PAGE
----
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Specific Risk Groups: Children

By: Jeff Durham - Updated: 28 Sep 2012 | comments*Discuss
Snow Sports Injury Injuries Children

The first thing that should be said when looking at the number of incidents of injuries sustained by children on the slopes is that the figures can be misleading.

Whilst the statistics will often suggest that they sustain more frequent injuries than adults when participating in skiing and other snow sports, the reality is often that parents are more likely to seek medical advice and treatment for more minor injuries when they happen to have children under the age of 16 than they would ordinarily do for adults.

Nevertheless, children are a specific risk group when participating in snow sports for a number of reasons.

Children and Their Perception of Danger

You’ll no doubt know from your own experiences from when you were younger that children tend to have an entirely unique lack of perception of danger when they’re younger. Experience has taught adults to be wary of particular situations and to take more care, yet children cannot often see the potential dangers of snow sports and can often be fearless which puts them more at risk of injury.

Therefore, it’s important that, as parents, children are told about the dangers of particular manoeuvres and of going far too fast for their level of ability and that they are made fully aware about the dangers and how to stay safe. With young children, in particular, you should also inform them about the dangers of misbehaving whilst out on the slopes. To some children, they might confuse misbehaviour with simply having fun or being mischievous but you need to drum it into them that the slopes are no place for this kind of behaviour.

The Use of Protective Gear

It’s imperative that from the very beginning, you insist that children wear ski helmets and protective wristbands. Unfortunately, there is no law to make this compulsory in many snow sports resorts around the world and it is far more likely that a child will sustain a serious injury if they are not wearing a helmet at least.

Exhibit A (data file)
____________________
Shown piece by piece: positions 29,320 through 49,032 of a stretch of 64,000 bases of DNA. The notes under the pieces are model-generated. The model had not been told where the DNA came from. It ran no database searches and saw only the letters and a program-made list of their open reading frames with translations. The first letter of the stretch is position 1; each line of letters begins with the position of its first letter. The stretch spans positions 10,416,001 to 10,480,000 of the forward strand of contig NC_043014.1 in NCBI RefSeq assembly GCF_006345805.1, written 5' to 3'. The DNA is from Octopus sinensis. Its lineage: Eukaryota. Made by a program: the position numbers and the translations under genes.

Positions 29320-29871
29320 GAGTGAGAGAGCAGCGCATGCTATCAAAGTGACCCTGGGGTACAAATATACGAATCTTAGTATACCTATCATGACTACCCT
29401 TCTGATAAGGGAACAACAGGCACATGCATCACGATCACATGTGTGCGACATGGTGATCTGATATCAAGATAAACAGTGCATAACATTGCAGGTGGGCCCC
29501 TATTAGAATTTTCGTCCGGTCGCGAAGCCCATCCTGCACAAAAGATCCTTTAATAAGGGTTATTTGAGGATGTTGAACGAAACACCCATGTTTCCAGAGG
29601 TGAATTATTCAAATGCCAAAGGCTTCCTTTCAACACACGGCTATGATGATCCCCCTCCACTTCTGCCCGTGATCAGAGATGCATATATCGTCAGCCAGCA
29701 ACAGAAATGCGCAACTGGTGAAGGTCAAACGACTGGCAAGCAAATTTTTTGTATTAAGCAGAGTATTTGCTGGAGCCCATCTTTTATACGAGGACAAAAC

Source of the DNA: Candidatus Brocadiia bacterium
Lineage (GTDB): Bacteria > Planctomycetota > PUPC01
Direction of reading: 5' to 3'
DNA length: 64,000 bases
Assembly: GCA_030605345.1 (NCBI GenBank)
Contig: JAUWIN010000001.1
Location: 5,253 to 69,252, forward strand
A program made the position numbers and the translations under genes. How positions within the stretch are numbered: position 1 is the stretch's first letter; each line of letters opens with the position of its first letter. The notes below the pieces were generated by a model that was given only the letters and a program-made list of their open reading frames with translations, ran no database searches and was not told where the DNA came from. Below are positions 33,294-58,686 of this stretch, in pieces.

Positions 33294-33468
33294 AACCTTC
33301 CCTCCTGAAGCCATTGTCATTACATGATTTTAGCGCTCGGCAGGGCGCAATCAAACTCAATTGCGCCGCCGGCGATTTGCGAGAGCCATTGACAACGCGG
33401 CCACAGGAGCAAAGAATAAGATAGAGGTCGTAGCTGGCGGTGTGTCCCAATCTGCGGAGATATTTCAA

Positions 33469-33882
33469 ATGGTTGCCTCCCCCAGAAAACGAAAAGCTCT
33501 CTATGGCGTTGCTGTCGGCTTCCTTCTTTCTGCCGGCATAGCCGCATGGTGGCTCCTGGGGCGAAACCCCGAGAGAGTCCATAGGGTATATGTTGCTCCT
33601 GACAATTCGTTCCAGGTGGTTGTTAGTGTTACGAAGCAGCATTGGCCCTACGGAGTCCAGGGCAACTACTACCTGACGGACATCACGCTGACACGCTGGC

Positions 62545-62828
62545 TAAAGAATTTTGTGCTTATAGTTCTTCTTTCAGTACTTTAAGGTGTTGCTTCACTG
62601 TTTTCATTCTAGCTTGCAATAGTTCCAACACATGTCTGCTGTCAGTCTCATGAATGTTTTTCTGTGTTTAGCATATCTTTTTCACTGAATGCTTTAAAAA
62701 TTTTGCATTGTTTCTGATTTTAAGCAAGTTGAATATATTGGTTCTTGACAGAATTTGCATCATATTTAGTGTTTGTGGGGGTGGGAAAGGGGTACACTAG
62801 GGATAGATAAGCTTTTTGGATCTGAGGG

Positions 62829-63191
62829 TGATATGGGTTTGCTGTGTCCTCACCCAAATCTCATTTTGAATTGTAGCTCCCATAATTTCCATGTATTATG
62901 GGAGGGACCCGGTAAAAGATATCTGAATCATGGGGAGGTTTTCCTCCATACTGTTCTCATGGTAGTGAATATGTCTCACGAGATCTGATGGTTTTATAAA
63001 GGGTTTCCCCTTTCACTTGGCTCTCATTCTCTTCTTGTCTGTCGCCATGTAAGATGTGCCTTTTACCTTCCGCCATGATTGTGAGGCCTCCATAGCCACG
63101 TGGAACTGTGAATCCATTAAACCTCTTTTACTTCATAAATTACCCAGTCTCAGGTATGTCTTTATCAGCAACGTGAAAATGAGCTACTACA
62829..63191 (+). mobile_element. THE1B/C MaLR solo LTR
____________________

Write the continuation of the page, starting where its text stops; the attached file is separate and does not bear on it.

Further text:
Problems With Hired or Borrowed Equipment

Many people who undertake snow sports tend to hire equipment, unless they’re extremely enthusiastic. Therefore, when you take your children on a snow sports holiday, the chances are that you’ll expect to be able to hire suitable equipment for them too. However, the reality is that many resorts still do not include wrist bands as part of the hire equipment package and that there are often problems adjusting the ski bindings for children.

Furthermore, although buying equipment is quite costly, one of the major contributory factors in children sustaining injuries on the slopes is because they’ll often be using equipment which has been passed down to them by older siblings. This should be discouraged as, in many cases, the equipment is outdated, worn and unsuitable for the child in question. All ski equipment should match the child’s height, weight, boot size, conditions of the slopes and their level of experience.

Physical Factors

It’s also the case that the physical make-up of children is different to that of adults which can make them more prone to certain medical problems. For example, their skin is thinner than that of an adult which puts them more at risk of sun damage. They also have a proportionately larger body and head surface area than adults which makes them more exposed to heat loss. Children are also likely to suffer from dehydration far more quickly than adults.

Proper Instruction

No matter how proficient you, as a parent, are at a chosen snow sport, you should still enrol your child in an instruction class which suits their level of ability. Firstly, they are far more likely to listen more intently to an instructor who will also have specialist knowledge of teaching children not only how to master the rudimentary basics properly but who will also be more up to speed with the dangers and safety aspects of the specific snow sport.

Ultimately, it’s a combination of the right instruction, a child’s awareness of the dangers and a respect for the slopes along with parental guidance and proper fitting equipment which is in good condition that should ensure that the risks of injury to a child are minimised as much as possible.

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